MBDA Summit: Legal Landscape

tablediscussionOn July 6th and 7th, MBDA hosted a meeting of leaders in the minority business community, including program directors and advocates, to review and benchmark progress regarding the state of minority businesses.  The goal of the meeting was to establish a blueprint for minority business development programs that can be implemented by the public and private sectors in the future.

From the meeting, common themes emerged from the conversations.  MBDA is opening the discussion to include a variety of stakeholders in minority business success- we welcome your comments and suggestions.

The question that was asked is this:

Given the current court challenges to programs targeted for minority-owned businesses, what actions can be put in place to support the growth and expansion of minority-owned businesses in the 21st century?

Below you will find the themes for the topic of “Legal Landscape:”

  • Communicate the White House and Administration’s commitment to minority business growth and competitiveness.
  • Develop criteria for minority business contracting goals on the federal, state and local levels, and establish and enforce these goals.
  • Develop a streamlined and effective federal certification process for minority businesses (HUB Zone, 8(a), and SDB should not exist separately).
  • Implement a national research study to discover current barriers to success for minority businesses.
  • Develop a national disparity study which demonstrate barriers and gaps in access to government contracts.
  • Build a record of evidence of discrimination and barriers into the congressional and legislative record.
  • Establish formalized mentoring programs for entrepreneurship starting at the college level and lasting throughout the business lifecycle.
  • Create educational programs that focus specifically on procurement within the government contracting arena.
  • Consolidate the number of minority business advocacy organizations into one centralized organization which will then partner with MBDA.  Create an agenda for all minorities to speak with one voice.

We would appreciate your comments and suggestions on the topic, to see participants specific comments per topic, please click here.

**This post contains the comments provided by participants at the Minority Business Development Agency Summit held on July 6 – 7, 2009 at the Hyatt Regency Washington on Capitol Hill.  Participants provided input on strategy, enforcement mechanisms, and legislation that may assist minority entrepreneurs in the future.  Note-takers memorialized the comments made at each of the tables.  These materials are being provided in raw data format and are for informational purposes only.  The views expressed herein are those of the participants and do not necessarily reflect those of MBDA or of the U.S. Department of Commerce.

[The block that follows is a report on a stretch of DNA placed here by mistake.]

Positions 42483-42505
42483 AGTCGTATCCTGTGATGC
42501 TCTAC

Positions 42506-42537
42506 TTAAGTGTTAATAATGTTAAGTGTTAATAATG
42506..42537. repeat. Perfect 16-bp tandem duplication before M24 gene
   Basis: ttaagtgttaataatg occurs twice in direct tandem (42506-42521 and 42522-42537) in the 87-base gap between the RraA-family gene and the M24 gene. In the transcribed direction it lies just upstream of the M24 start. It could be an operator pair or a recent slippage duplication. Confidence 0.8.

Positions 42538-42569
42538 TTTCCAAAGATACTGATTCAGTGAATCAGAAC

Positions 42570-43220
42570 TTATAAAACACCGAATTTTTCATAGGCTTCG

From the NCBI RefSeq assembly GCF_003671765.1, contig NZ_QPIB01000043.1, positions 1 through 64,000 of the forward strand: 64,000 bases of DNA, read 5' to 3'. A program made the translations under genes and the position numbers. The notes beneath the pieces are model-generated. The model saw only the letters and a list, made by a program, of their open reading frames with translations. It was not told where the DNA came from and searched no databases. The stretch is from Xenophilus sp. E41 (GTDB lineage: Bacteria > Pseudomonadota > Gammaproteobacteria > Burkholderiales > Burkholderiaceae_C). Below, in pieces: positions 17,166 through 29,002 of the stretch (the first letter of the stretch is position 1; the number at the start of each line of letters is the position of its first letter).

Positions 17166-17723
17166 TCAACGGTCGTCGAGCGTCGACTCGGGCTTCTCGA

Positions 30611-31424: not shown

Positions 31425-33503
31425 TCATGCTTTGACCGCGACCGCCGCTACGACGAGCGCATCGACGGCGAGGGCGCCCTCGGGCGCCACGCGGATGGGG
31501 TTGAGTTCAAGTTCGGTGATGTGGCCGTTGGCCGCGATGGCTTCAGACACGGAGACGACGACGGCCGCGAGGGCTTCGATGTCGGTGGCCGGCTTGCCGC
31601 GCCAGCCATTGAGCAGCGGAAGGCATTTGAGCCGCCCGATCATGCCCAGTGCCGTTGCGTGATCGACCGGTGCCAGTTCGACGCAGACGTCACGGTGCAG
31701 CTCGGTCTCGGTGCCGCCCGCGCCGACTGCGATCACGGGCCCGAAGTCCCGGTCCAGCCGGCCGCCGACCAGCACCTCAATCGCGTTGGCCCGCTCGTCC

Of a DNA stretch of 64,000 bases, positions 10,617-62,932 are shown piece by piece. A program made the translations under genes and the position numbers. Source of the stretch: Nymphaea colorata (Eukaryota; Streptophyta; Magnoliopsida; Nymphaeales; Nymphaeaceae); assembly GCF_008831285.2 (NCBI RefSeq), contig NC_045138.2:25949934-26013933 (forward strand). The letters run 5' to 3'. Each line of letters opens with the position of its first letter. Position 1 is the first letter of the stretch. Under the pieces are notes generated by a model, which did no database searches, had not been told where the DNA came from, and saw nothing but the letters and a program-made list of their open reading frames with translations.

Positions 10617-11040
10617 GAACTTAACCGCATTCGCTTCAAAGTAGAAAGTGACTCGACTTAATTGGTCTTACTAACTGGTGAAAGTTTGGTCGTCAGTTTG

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4 responses to “MBDA Summit: Legal Landscape

  1. Hank Wilfong Jr.

    I WAS THERE….and how proudly I proclaim it!
    And, I will be there for MED Week when The Action Plan is presented and fine-tuned.

    The struggle is continuing. The battle has not been won yet. But, we have made our start. WE need to now come together and get the job done. Our mission is the full and true integration of minorities into the American business place.

    We have just begun…

  2. In developing new programs for MBEs or in efforts to strengthen current initiatives, MBDA must bring civil rights lawyers to the table. The legal landscape for MBE programs is a virtual minefield that must be tread upon very carefully so as to protect against legal challenges. There needs to be a bona fide collaboration between civil rights groups and minority business groups in this matter, with MBDA playing a central role.

    MBDA, in coalition with civil rights lawyers, DoJ, Congress and others to draft and introduce affirmative legislation regarding equality in government contracting. Essentially, this legislation would be the Title VII equivalent to employment law. This legislation would declare the illegality of discriminating against minority contractors on the basis of their race, ethnicity, religion, color, gender, sexual orientation and other protected characteristics.

  3. Division will always allow the control of the masses in general. We need more unity and conferences such as this to help the progression of our country and world at large. The current legislation should give more power back to the people and allow the businesses of America to get our economy back on track.

  4. One thing they can do to support the growth and expansion of minority-owned businesses in the 21st century is to expand 8A opportunities for minority owned businesses. With more 8A incentives, the government and it’s citizens can both benefit.

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